Before joining the Philosophy Department at the University of Birmingham as a Lecturer in 2005, I was Honorary Lecturer in Bioethics in the Centre for Social Ethics and Policy at the University of Manchester and Research Associate on the EC-funded EU-RECA (on the concept of research and the ethical regulation of research activities) coordinated by Professor John Harris. Since at Birmingham, my research and teaching has focused on the philosophy of the cognitive sciences (rationality and belief), and on a variety of issues in biomedical ethics.
I am the author of a textbook, Introduction to the philosophy of science (Polity Press, 2008), a monograph, Delusions and Other Irrational Beliefs (OUP, 2009), and a key concepts book, Irrationality (Polity, 2014). In 2011 I was awarded the American Philosophical Association Book Prize for the monograph. I am currently working on another monograph provisionally entitled The Epistemic Innocence of Imperfect Cognitions and on an introduction to the philosophy and psychology of health and happiness with Michael Larkin.
I edited two volumes, Philosophy and Happiness (Palgrave, 2009) and, with Matthew Broome, Psychiatry as Cognitive Neuroscience: Philosophical Perspectives (OUP, 2009). The latter was listed among the Guardian Books of the Year in 2009.
Until December 2019 I will be on research leave.
Before going on leave, I taught Philosophical Texts (level 2), Philosophy of Science (level 2), Philosophy of Psychology (level 3), Philosophy of Cognitive Science (M-level), and I co-taught Philosophy of Health & Happiness (M-level).
I continue to supervise postgraduate research students. Topics include: nonhuman ethics; nature of delusions; the conceptualisation of anxiety disorders; nature of pain; cognitive benefits of bipolar disorder; psychiatric diagnosis, identity and responsibility for action; empathy and the emotions.
My research topics include: theories of belief ascription, rationality debate in philosophy and cognitive science, rationality and self knowledge in psychopathology, delusions and confabulation, psychological realism, autonomy and personhood, demarcation between science and pseudoscience, research ethics, reproductive ethics, animal rights, death and immortality. More recently, I got interested in theories of delusion formation, in the relationship between having a diagnosis of mental illness and being morally responsible for one's actions, and in the phenomena of positive illusions and unrealistic optimism.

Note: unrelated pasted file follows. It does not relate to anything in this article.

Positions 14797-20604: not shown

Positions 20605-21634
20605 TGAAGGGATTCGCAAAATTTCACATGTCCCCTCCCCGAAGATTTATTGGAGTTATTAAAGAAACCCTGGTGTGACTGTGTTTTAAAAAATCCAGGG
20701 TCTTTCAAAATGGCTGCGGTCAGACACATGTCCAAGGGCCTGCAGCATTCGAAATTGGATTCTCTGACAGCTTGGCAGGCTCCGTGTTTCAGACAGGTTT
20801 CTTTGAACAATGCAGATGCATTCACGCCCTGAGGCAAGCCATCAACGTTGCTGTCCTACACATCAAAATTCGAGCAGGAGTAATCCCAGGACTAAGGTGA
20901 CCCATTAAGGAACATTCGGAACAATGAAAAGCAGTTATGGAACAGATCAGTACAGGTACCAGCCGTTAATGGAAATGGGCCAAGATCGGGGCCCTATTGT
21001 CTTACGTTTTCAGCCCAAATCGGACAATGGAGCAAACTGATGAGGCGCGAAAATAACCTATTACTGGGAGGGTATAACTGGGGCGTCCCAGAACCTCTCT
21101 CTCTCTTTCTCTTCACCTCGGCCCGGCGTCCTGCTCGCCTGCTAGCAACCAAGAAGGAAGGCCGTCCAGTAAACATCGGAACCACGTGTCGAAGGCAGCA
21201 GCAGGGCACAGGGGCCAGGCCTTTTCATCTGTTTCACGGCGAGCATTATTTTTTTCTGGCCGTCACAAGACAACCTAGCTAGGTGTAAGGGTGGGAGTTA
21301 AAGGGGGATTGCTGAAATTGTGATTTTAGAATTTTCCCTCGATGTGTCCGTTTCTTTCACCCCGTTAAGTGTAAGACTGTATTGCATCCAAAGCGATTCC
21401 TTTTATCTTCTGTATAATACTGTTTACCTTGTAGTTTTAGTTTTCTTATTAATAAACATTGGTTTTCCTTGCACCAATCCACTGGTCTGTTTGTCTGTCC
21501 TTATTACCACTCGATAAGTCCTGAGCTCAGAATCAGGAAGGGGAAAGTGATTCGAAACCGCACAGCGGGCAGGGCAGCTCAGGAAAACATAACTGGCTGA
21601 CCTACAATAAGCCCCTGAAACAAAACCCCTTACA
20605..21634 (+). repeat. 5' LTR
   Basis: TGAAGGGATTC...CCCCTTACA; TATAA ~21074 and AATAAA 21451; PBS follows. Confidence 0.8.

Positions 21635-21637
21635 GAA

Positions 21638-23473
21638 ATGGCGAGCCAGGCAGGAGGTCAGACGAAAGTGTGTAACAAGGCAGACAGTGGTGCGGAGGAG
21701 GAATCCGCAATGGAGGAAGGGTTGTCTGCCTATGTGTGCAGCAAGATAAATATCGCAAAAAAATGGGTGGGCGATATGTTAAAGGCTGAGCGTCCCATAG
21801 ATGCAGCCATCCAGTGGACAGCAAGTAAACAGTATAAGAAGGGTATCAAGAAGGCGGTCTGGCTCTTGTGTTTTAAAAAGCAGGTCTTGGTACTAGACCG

From September 2015 for 12 months I will be on a non-residential fellowship (20%, $76,299) for a project entitled "Costs and Benefits of Optimism" as part of a funding initiative on Hope and Optimism supported by the Templeton Foundation and managed by Cornell University and the University of Notre Dame.
My 5-year project, funded by an ERC Consolidator Grant (80%, EUR 1.900.065), is called PERFECT, Pragmatic and Epistemic Role of Factually Erroneous Cognitions and Thoughts. It will allow me to build a team of three post-doctoral researchers and two PhD students, and will involve also Michael Larkin from the School of Psychology.
From September 2013 for twelve months I was funded by an AHRC Fellowship to pursue a project entitled "The Epistemic Benefits of Imperfect Cognitions".
In 2012 I was awarded a Wellcome Trust Small Grant in the Ethics & Society stream on Moral Responsibility and Psychopathology which funded a workshop on the topic in March 2013. Co-applicants were Matthew Broome (University of Oxford) and Matteo Mameli (King's College London).
From January to June 2011 I was funded by a Wellcome Trust Research Expense Grant for a project on Rationality and Sanity.
In 2009 I was awarded AHRC reseach leave for a project on the nature of clinical delusions, and an Endeavour Research Fellowship (offered by the Department of Education, Employment and the Workplace Relations of the Australian Government) to work with Professor Max Coltheart and other members of the Belief Formation group at Macquarie University.
In this short video I talk about my research into clinical delusions as irrational beliefs.